Cafe Bofinger, 5-7 Rue de la Bastille: “They hate me there because readers go in all the time and they look for the mirrors and they ask for Table 14 with the mirror and the bullet hole.  But it only exists in my mind. It’s an odd thing for a Parisian restaurant owner to have this devilment from tourists.” Favorite Museums:   Musee de la Serrure (Museum of Locks, now closed) “It was in a wonderful old house and the stairs creaked every time you climbed them. Musee de la Chasse et de la Nature: 62 Rue des Archives, Hotel de Mongelas.  “They have moth-eaten heads and bad old pictures of people chasing deer across a field. I love it.” Favorite novel about Paris:   Between Meals by A.J. Liebling. Secret place:   “If you drive on this little road 10 miles outside of Paris — just as you’re leaving a small town you make a left.  To your right is a church and it sits at this kind of angle.  It’s very old stone and every autumn it fills up with leaves.  It just knocks me out.”






41, rue Saint-Andre-des-Arts (6eme) 43-26-48-23 This famous Saint Germain bistro’s most famous dish (from the late namesake owner, M. Allard is Canard aux Olives, duck roasted with olives. The Coq au Vin, chicken in a dark, thick wine sauce, is also superb.


2, Avenue de Lowendal (7eme) 47-05-52-55 This charming bistro just behind Les Invalides offers the most spectacular selection of pork products in Paris including Le Chariot de Cochonailles, a cart filled with sausages, hams, rillettes, pates and terrines.


20, rue Saint-Martin (4eme) 42-72-25-76 Right near the Pompidou Center, Benoit is chic and a bit more expensive due, in part, to its Michelin star. Best dishes are the beef salad, blood sausage with apples, tongue with herb sauce, and the dense cassoulet.


1, rue de Mail (2eme) 42-60-07-11 A classic place serving hearty, delicious bistro food. Start with the wonderful herring, then the grilled fillet with lush Bernaise sauce.



20, rue des Fosses-Saint-Bernard (5eme) 43-54-99-37 Located near the Sorbonne ,this is the place for beef, especially faux fillet (rump steak), a rustic cut. The escargots are great and so are the frogs legs.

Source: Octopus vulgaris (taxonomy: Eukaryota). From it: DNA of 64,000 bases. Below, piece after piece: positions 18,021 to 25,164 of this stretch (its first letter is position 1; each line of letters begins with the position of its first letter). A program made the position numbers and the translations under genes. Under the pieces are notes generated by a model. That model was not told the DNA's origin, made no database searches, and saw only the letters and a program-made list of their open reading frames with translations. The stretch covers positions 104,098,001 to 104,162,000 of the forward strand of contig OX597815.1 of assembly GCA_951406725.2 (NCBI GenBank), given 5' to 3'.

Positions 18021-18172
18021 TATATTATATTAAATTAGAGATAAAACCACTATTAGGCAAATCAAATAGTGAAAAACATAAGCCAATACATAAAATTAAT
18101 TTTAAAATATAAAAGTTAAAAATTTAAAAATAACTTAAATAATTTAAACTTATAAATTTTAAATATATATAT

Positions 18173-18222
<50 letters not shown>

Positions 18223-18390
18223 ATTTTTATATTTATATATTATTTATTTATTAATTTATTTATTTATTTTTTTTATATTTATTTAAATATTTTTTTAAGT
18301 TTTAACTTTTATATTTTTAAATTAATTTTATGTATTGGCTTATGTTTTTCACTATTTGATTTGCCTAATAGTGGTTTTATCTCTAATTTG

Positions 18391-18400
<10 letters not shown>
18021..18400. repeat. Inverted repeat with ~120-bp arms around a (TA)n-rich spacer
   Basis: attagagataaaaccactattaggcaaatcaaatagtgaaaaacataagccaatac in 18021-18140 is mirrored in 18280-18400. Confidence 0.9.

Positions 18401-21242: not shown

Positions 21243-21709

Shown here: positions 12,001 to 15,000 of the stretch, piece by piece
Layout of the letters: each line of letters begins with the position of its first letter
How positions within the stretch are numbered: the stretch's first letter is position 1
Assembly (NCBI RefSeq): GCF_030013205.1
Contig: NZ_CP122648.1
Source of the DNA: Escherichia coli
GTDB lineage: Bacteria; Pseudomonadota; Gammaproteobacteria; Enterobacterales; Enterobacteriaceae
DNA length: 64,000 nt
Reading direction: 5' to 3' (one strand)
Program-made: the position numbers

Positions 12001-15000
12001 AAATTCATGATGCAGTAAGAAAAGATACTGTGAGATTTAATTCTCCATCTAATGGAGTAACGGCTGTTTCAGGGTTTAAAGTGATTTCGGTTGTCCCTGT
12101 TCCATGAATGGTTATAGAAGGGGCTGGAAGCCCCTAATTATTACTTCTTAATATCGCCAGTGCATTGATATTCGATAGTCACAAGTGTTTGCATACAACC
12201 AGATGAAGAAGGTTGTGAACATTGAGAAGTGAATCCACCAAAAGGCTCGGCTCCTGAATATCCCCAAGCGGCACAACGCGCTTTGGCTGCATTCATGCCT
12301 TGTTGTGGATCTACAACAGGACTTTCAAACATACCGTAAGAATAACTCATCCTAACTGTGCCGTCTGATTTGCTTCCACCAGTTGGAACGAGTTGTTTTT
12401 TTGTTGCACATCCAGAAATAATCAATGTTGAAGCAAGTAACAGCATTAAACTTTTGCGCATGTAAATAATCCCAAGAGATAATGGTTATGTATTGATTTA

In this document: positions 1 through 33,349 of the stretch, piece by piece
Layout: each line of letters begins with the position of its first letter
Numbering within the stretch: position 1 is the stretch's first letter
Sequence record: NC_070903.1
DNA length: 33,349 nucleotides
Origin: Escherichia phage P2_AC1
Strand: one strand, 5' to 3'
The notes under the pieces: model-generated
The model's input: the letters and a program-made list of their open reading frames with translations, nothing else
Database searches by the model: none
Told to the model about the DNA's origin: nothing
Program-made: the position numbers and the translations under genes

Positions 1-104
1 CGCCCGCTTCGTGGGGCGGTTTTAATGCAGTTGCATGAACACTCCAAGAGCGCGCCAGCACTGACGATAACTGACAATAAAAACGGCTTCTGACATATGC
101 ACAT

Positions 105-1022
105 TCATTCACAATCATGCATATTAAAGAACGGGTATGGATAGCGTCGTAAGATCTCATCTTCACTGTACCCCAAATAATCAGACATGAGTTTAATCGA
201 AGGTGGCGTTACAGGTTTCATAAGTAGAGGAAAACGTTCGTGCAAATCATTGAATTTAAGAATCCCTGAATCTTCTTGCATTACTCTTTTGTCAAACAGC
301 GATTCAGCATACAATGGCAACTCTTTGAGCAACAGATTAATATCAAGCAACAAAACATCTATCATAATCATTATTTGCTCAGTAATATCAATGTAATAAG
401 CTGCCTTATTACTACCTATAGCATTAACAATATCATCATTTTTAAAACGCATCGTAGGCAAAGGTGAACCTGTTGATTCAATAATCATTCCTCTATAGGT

9, boulevard de Port-Royal (13eme) 43-31-58-59 It’s a bit out of the way, but this bistro offers hearty food prepared by the Cousin brothers. Game is the specialty in season and there is a great selection of game terrines. Comfortable and lively.


35, rue Faidherbe (11eme) 43-71-65-30 The Asfaux family serves some of the richest bistro food in town. From October to December the house specialty, Lievre a la Royale, potted wild hare cooked in red wine and blended with foie gras and truffles, is a must. There is also fine cassoulet and sweetbreads.


32, rue de Vertbois (2eme) 48-87-77-48 This is the bistro of bistros. Located in one of the poorest parts of town, this world-famous place offers the best foie gras, snails, beef, chicken and game in Paris. Reservations are hard to come by— management is cranky ­— and prices are very high. Anyone who cares about good food should eat here at least once.

117, rue du Cherche-Midi (6eme) 45-48-52-40 This small, cozy place offers fabulous foie gras and, in season, truffles. The cooking is lovely and quite superb. Don’t miss the souffle for dessert.



Best Public Gardens in Paris

Some of the best things in Paris are free. Like its public gardens. The Tuileries and Luxembourg garden are well known . Here are some other choice spot for a stroll or picnic.

> Boise de Vincennes: What other Western European park boasts a Buddhist temple, racetrack, restaurants, a farm and a baseball field? This huge expanse (along the lines of the better-known Bois de Boulogne) has the Park Floral, an elaborately landscaped amusement park.

> Parc André Citroën: Here’s a modern take on a garden in the 15th arrondissement near the Seine with a modern water park, wide open field, and tethered helium balloon that’ll take you skyward for the views. > Jardin de la Vallée Suisse: Tucked of the ChampsElysées near the Paais de la Décourerte, the “Swiss Garden” is a fantastic construction by a19th century landscape designer named Jean-Charles Adolphe Alphand. It’s a wild garden in the center of town, with a waterfall, koi pond, and exotic plantings—a lemon tree in Paris? > Square René Viviani: Home to what’s reputedly the oldest tree in Paris, this pocket park on the Left Bank across from Notre-Dame offers perfect Parisian views. Paris is dotted with smaller parks like this in almost every neighborhood. More resources: Hidden Gardens of Paris by Susan Cahill and the web site, parisgardens.html 6